One of the many things I am particularly passionate about is pet nutrition. To clarify (and because I’ve come to understand that definitions on things can (and do) vary wildly), I’m passionate about feeding dogs and cats balanced diets (prepared with strict quality assurance) that meet their specific and unique needs for optimum health outcomes. This means that I am constantly thinking (and asking people) about food for pets. Sometimes while doing my nutritional assessment and asking pet-owners questions, it’ll come up that the pet in question is consuming a raw meat diet.
These days many veterinary clinics (especially those associated with veterinary teaching hospitals) have infection control programs that include a ‘Raw Food Diet’ Policy. Typically, the intent of a ‘Raw Food Diet’ policy is to: 1) reduce (and ideally eliminate) entry of raw food into veterinary hospitals, and 2) prevent infectious disease transmission of pathogens (bacteria and parasites) from pets eating raw food diets to other hospital patients (i.e. dogs and cats) and hospital staff (i.e. humans) who come into contact with these pets. Yes, the bacteria and parasites often found in raw foods can (and do) cause disease in other pets as well as people (especially those people who are under 5 years of age, greater than 65 years of age, pregnant or immunocompromised).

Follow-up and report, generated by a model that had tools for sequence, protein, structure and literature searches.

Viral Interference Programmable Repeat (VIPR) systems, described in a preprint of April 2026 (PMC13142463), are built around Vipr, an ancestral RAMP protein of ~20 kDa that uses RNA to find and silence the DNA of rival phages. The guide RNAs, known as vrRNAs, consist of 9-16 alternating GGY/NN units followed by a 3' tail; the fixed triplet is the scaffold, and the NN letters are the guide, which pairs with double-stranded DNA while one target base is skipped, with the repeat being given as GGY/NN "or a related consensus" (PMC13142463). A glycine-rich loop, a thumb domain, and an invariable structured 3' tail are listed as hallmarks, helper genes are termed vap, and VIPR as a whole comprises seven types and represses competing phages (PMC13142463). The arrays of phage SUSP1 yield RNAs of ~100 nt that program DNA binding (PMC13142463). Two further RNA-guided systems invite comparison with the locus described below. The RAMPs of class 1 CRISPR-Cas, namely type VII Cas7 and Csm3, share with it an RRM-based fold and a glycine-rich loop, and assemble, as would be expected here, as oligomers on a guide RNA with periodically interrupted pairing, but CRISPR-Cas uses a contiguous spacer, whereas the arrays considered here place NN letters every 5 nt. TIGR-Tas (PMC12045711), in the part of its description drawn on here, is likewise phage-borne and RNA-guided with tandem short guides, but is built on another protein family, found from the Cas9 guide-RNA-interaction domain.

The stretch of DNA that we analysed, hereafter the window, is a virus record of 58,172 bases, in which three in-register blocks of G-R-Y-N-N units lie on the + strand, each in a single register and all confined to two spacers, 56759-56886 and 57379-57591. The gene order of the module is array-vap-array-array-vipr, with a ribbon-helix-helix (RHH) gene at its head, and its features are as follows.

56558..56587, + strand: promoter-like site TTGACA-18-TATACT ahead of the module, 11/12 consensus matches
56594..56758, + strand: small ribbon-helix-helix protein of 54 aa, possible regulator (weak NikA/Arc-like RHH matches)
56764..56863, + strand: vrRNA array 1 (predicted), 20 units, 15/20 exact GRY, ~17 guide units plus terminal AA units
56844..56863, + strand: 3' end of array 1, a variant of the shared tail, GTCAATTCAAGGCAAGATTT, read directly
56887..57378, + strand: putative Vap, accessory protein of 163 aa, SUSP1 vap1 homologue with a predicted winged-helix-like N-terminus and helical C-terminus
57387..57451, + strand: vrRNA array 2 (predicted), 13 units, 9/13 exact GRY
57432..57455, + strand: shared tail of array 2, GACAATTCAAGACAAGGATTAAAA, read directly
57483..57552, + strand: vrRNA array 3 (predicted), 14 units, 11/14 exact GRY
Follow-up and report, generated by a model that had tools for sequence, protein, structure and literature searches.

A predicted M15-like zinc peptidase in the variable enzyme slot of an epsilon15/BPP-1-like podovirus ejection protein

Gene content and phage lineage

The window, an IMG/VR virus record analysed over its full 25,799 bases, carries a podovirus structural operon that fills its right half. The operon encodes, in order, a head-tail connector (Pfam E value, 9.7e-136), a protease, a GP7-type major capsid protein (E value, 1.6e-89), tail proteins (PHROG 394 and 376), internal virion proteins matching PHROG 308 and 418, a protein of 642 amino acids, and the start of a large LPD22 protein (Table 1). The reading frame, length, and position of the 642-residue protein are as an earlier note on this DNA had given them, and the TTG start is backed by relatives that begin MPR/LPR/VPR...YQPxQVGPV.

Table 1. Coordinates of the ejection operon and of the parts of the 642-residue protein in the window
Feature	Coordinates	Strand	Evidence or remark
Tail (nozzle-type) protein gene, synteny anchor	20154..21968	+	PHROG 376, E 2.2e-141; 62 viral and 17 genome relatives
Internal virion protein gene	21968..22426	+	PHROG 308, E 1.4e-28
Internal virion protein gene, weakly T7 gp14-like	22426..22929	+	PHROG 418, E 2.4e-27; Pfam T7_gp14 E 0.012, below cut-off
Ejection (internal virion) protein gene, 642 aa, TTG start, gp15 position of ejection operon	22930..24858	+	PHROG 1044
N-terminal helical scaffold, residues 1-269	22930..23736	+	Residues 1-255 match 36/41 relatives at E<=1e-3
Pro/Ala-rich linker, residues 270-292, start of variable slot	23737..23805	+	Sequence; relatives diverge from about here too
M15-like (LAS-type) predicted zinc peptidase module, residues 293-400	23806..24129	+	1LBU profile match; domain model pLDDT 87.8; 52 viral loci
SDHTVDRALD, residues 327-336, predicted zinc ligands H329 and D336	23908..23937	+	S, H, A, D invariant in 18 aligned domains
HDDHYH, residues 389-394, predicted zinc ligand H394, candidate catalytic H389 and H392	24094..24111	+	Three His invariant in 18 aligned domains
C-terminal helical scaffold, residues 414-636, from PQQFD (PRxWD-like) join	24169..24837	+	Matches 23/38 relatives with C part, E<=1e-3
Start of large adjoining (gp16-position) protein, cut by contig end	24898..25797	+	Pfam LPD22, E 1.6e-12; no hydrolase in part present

There are multiple N. American publications that have investigated the presence of bacteria and parasites in animal foods, including raw food diets. Here’s a relatively recent one from the Netherlands (https://veterinaryrecord.bmj.com/content/182/2/50) that analyzed 35 frozen raw meat diets from 8 different brands and found: 1) ‘beaucoup’ bacteria (E.coliO157:H7 (cause of renal failure in humans) in 23% of the food samples, extended spectrum beta-lactamase-producing (ESBL) E.coli(major cause of antimicrobial resistance) in 80%, Listeria monocytogenesin 54%, and Salmonellasp. in 20%), and 2) plentiful parasites (Sarcocytis cruziand/or S. tenellain a total of 22%, and Toxoplasma gondiiin 6%).
Keeping cats and dogs healthy by reducing the amount of infectious disease they are exposed to (intentionally or unintentionally, i.e. being housed next to a dog or cat that is a raw food eater), along with the humans who care for them (e.g. veterinary students, nurses, etc.), is something I feel very accountable for. And while I won’t argue with doing whatever ‘floats ‘yer boat’ for your pet nutritionally (provided the diet is safely prepared, balanced to meet your pet’s specific needs and you’ve taken steps to reduce risks) … the reason to have a Raw Food Diet Protocol in a veterinary clinic is to keep both pets and people safe from bacteria and parasites like those listed above.
July 10, 2018
Michelle Evason, DVM, BSc, DACVIM